ISU accounting problems delay many other state audits

Accounting problems at Iowa State University have delayed not only Iowa’s Comprehensive Annual Financial Report for fiscal year 2020, but also dozens of annual reports on state government entities.

The ongoing issues at ISU have pushed other audit work months behind schedule, Deputy State Auditor Marlys Gaston explained during a 20-minute presentation to the Iowa Board of Regents on September 15. In addition, Gaston told the governing body for Iowa’s state universities the State Auditor’s office expects to issue an internal control finding to ISU. That rarely happens for the Regents institutions and indicates that ISU’s financial statements for FY2020 included inaccurate information.

ISU switched to the Workday computer system for accounting at the beginning of the 2020 fiscal year. The subsequent challenges raise questions about what will happen when most state government agencies transition to Workday for accounting, which is supposed to occur during the summer of 2022.


Normally the Iowa Department of Administrative Services would have published the Comprehensive Annual Financial Report for the fiscal year ending on June 30, 2020 by December 31 of last year. Gaston told the Regents last week she hoped that report would be issued “very shortly.”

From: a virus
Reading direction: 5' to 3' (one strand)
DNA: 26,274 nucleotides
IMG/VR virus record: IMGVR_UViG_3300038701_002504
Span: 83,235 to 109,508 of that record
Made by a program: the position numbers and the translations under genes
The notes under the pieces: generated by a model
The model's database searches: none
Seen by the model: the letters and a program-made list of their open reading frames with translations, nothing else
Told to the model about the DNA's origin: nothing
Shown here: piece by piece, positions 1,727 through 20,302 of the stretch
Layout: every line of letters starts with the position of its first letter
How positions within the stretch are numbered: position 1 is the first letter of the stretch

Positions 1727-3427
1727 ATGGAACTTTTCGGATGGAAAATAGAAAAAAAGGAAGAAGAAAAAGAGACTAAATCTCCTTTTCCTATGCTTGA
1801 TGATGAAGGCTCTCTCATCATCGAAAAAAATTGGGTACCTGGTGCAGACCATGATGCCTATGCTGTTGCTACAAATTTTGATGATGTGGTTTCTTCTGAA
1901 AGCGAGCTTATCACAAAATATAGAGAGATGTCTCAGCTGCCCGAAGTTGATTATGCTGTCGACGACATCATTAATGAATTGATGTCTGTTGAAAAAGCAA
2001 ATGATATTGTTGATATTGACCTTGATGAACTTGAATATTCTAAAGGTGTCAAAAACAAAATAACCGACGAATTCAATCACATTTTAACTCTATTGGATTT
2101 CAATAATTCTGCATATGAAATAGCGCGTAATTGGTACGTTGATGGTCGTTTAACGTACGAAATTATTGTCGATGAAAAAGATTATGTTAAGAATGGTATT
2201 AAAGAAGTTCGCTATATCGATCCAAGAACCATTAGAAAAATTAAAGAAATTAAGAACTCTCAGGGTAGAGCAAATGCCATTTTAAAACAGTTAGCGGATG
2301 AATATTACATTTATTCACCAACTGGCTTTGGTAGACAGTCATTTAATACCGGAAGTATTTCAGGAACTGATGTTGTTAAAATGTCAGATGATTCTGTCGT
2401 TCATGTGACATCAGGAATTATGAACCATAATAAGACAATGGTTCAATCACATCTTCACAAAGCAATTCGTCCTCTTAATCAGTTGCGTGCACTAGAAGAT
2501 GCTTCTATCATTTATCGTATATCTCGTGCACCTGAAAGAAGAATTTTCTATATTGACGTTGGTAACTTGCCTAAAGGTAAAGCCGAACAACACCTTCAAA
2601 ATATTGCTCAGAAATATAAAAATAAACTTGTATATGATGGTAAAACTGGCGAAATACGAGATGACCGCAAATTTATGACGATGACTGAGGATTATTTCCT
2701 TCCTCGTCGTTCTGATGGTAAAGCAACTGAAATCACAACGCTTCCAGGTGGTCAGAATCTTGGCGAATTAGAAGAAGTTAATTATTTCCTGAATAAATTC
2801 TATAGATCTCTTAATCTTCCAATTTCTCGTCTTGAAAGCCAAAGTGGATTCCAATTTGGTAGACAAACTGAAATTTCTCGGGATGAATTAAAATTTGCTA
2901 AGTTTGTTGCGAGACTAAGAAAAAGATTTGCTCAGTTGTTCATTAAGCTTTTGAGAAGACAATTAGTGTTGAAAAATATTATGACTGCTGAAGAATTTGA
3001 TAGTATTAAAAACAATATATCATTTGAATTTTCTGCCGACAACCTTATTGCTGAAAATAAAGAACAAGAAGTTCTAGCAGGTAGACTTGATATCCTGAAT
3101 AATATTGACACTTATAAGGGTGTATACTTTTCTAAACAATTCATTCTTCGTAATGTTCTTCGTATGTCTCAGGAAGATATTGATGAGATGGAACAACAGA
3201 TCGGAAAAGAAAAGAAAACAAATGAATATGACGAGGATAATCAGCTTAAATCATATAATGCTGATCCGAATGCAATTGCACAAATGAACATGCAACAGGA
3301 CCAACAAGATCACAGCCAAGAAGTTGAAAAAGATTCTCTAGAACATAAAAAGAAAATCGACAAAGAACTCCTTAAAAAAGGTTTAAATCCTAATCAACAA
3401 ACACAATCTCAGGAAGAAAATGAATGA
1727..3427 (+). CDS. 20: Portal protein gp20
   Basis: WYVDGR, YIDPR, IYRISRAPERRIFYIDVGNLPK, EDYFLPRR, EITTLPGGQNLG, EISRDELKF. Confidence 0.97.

Iowa’s public universities usually submit their year-end financial data to the state by October 1, but ISU had trouble compiling accurate information, even after enlisting many staff to help with the project. ISU officials told Bleeding Heartland early this year the university would finish sending the financials by mid-February. But the State Auditor’s office later said ISU had provided “incomplete and very draft financial statements in February which did not include the fiduciary statements or any footnotes or other information needed to meet financial reporting requirements.”

More than six months behind the usual schedule, ISU sent the last of the “supplemental pieces” to the state. A preliminary, unaudited version of the annual financial report was posted online in late April. At that time, the State Auditor’s office indicated they hoped the final report would be ready by the end of June. But at this writing, the leading national resource for information on municipal bonds still shows only the preliminary version.

Nancy Dunkel, who chairs the Board of Regents’ Audit and Compliance Committee, asked during the September 15 meeting, “Just to be clear, Marlys: the challenges at Iowa State were around the Workday program?”